I hear you. I guess I was just thinking our generation spent a lot of time “hovering” (me as well!) – maybe it’s good we didn’t have blogging available to us as another tool with which to hover or dissect what it means to be a mother or to talk about our kids (though I still enjoy honest posts). And my daughter has shared her annoyance at things I’ve shared on Facebook, so I’m careful to keep my Internet musings on them to a minimum. Anyway…I do think you wrote a great post.

  4. says

    Well put. I love blogging. It keeps me disciplined about writing regularly, I get to share my thoughts and get feedback, and it’s where I chronicle the ins and outs of my daily life. Only wish I’d started it sooner.

  5. says

    I was a blog skeptic. Even for a while when my only purpose in starting a blog was that elusive “writer’s platform.” Now I can relate to every reason on your list. Blogging is so many things — “thinking out loud,” connecting with others, sharing ideas, expressing opinions and viewpoints, advocating positions — and I appreciate that more every day.

    • says

      It really is so much better that we could have known. “Everyone” might be stretching it, but many more people should jump on board!

  6. says

    A blog is therapeutic also! I feel like I can work on some inner and outer turmoils by writing about them. Starting a blog was the best thing I’ve done in a while!

  7. says

    And…because we have no choice! Those of us who are writers know the need to put down on (virtual) paper the things in our heads…for me, it’s a way of organizing my thoughts and feeling as though I’ve accomplished something at the same time.

    Great post and all true.

  8. says

    You’re right: blogging is a wonderful outlet, and a valuable thing for the blogger. Thank you for listing so many of the things that make it so important to those of us who write using this vehicle.

    The most personally valuable thing I’ve gained from blogging is the tangible record of my children’s wit. They crack me up, and I sometimes chronicle the funny comments and conversations we have together. None of those posts are going to Change The World, make me An Internet Sensation, or start any sort of Meaningful Dialogue, or Get Me Published, but, when we’ve had a rough day, or when I’m down, going back through them makes me laugh, and that’s the best medicine.

  9. Helene Cohen Bludman says

    You are so right, Lisa! Your #3 is why I started, and I’m glad I did.

  10. says

    I one hundred and ten percent agree with you, Lisa. What great reasons, what joy, what fun, what thinking and looking and especially – what great women (and the occasional man) I’ve “met” blogging. You – certainly included!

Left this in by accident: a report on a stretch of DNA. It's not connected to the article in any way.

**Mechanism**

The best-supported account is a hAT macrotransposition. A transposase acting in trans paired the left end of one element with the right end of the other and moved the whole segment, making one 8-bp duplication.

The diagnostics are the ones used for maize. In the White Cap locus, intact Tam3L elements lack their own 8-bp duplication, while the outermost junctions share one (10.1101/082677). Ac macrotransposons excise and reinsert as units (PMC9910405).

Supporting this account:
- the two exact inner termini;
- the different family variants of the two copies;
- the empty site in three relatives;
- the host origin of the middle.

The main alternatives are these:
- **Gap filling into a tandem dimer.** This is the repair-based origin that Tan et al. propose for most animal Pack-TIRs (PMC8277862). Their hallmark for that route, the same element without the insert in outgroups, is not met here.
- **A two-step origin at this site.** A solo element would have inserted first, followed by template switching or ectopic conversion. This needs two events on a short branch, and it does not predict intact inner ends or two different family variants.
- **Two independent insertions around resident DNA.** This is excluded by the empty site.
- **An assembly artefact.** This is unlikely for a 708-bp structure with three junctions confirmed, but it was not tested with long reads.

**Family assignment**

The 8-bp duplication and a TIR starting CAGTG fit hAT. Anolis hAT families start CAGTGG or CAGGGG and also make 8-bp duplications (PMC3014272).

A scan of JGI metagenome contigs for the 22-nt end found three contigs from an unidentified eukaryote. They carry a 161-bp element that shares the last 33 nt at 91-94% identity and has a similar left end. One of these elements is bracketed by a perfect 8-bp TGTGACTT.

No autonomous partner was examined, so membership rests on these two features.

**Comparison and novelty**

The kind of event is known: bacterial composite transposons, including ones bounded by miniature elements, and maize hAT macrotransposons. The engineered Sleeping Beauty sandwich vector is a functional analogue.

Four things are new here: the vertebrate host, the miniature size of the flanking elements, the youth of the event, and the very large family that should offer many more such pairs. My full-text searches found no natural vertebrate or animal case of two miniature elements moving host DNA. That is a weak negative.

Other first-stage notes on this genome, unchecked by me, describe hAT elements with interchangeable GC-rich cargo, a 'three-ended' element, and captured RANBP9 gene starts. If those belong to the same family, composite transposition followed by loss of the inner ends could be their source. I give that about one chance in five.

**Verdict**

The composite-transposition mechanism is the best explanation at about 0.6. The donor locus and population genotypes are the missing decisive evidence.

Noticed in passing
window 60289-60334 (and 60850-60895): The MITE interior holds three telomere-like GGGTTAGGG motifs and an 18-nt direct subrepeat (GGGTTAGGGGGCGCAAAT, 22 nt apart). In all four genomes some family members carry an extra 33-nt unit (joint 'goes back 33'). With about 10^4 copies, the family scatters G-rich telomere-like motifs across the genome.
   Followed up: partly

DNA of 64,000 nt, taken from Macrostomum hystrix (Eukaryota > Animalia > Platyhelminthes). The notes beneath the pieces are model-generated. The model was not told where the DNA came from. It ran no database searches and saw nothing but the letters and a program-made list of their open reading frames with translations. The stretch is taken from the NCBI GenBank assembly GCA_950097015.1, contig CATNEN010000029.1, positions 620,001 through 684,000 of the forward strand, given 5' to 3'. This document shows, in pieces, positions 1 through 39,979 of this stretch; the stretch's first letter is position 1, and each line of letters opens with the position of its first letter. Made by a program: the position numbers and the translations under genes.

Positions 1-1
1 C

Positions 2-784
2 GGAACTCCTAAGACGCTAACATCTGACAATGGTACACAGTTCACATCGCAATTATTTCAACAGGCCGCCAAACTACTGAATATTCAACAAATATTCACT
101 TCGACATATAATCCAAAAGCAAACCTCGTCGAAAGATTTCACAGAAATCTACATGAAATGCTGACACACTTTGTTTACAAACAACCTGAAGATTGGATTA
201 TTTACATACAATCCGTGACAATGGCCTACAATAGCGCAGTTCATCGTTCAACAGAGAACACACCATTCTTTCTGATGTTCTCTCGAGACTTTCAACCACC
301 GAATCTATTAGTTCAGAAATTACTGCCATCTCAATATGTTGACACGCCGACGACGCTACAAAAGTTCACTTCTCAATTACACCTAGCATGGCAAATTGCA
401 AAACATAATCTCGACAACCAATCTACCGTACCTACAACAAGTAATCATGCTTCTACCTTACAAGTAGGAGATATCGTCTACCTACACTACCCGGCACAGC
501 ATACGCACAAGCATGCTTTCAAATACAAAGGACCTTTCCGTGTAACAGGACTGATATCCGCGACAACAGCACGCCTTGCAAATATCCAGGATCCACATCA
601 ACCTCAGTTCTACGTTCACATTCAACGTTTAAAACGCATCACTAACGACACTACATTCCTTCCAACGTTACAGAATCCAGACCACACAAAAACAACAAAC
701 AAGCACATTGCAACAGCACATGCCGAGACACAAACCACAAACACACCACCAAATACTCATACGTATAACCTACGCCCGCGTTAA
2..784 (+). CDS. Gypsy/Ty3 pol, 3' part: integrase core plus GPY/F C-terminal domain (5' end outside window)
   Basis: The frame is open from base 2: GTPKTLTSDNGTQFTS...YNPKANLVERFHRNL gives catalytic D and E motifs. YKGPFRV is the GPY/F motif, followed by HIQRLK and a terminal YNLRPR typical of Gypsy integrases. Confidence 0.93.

11. says

    I completely agree with your points! I didn’t blog their lives, but my children are in digital form, pics and movies. And in order! Very unlike me to be so organized!

  12. says

    Hi Lisa! Great post and definitely all points that I am grateful for about my blogging! I particularly love #5 because it really is the foundation for my blog at this point. I purposely selected a theme for my writing that keeps me focused on things that I am curious and interested in–positive psychology and making the world a better place–and my commitment asks me to search out and then write about the very best of that I can find. Of course my intention is that my readers are more happy and informed because of my writing…but the real GIFT is that I am happier and more informed because of the blog. Thanks for the reminders! ~Kathy

    • says

      This is all so true. I really relate to #7. Blogging has not only expanded my world but has also taught me how to Tweet, Facebook, Google+ 9 (maybe) Linkedin and I’m now becoming a photographer. Meeting so many bright, intelligent people. A real joy.

  13. says

    I write better than I talk usually! And as many have mentioned…it brings clarity to our thoughts and ideas. This presentation was perfect for me to get my self motivated to keep writing and creating! Thanks, Sharon! As usual, your mentoring gives me both a smile and a push!

  14. says

    This is a beautiful article and you make some great points. I blog about DIY and creative topics and sometimes I mention my children on occasion. I am reluctant to put their story out there because I don’t think their story is mine to tell. However, I did start journals for each of them starting at birth. Yes, the entries have dwindled as they got older but I continue to update them from time to time. To your point though a digital version would be invaluable in the event that handwritten versions are lost or destroyed. In any event, I am always encouraging others to connect with their personal stories and to realize the importance of documenting them as well.

  15. says

    You are absolutely correct, constantly learning and writing our experiences does keep the mind young, if it does not do the same for the body as well. To blog I photograph and to photograph I blog if that makes sense. They are interdependent on one another for my site. But to capture what I have in mind often times I must research the subject and then seek it out. It is a lot of work at times but as you said when you go back and read the comments others leave, those comments that challenge you to grow even further as a writer and in my case as both a writer and photographer, the efforts are well worth it.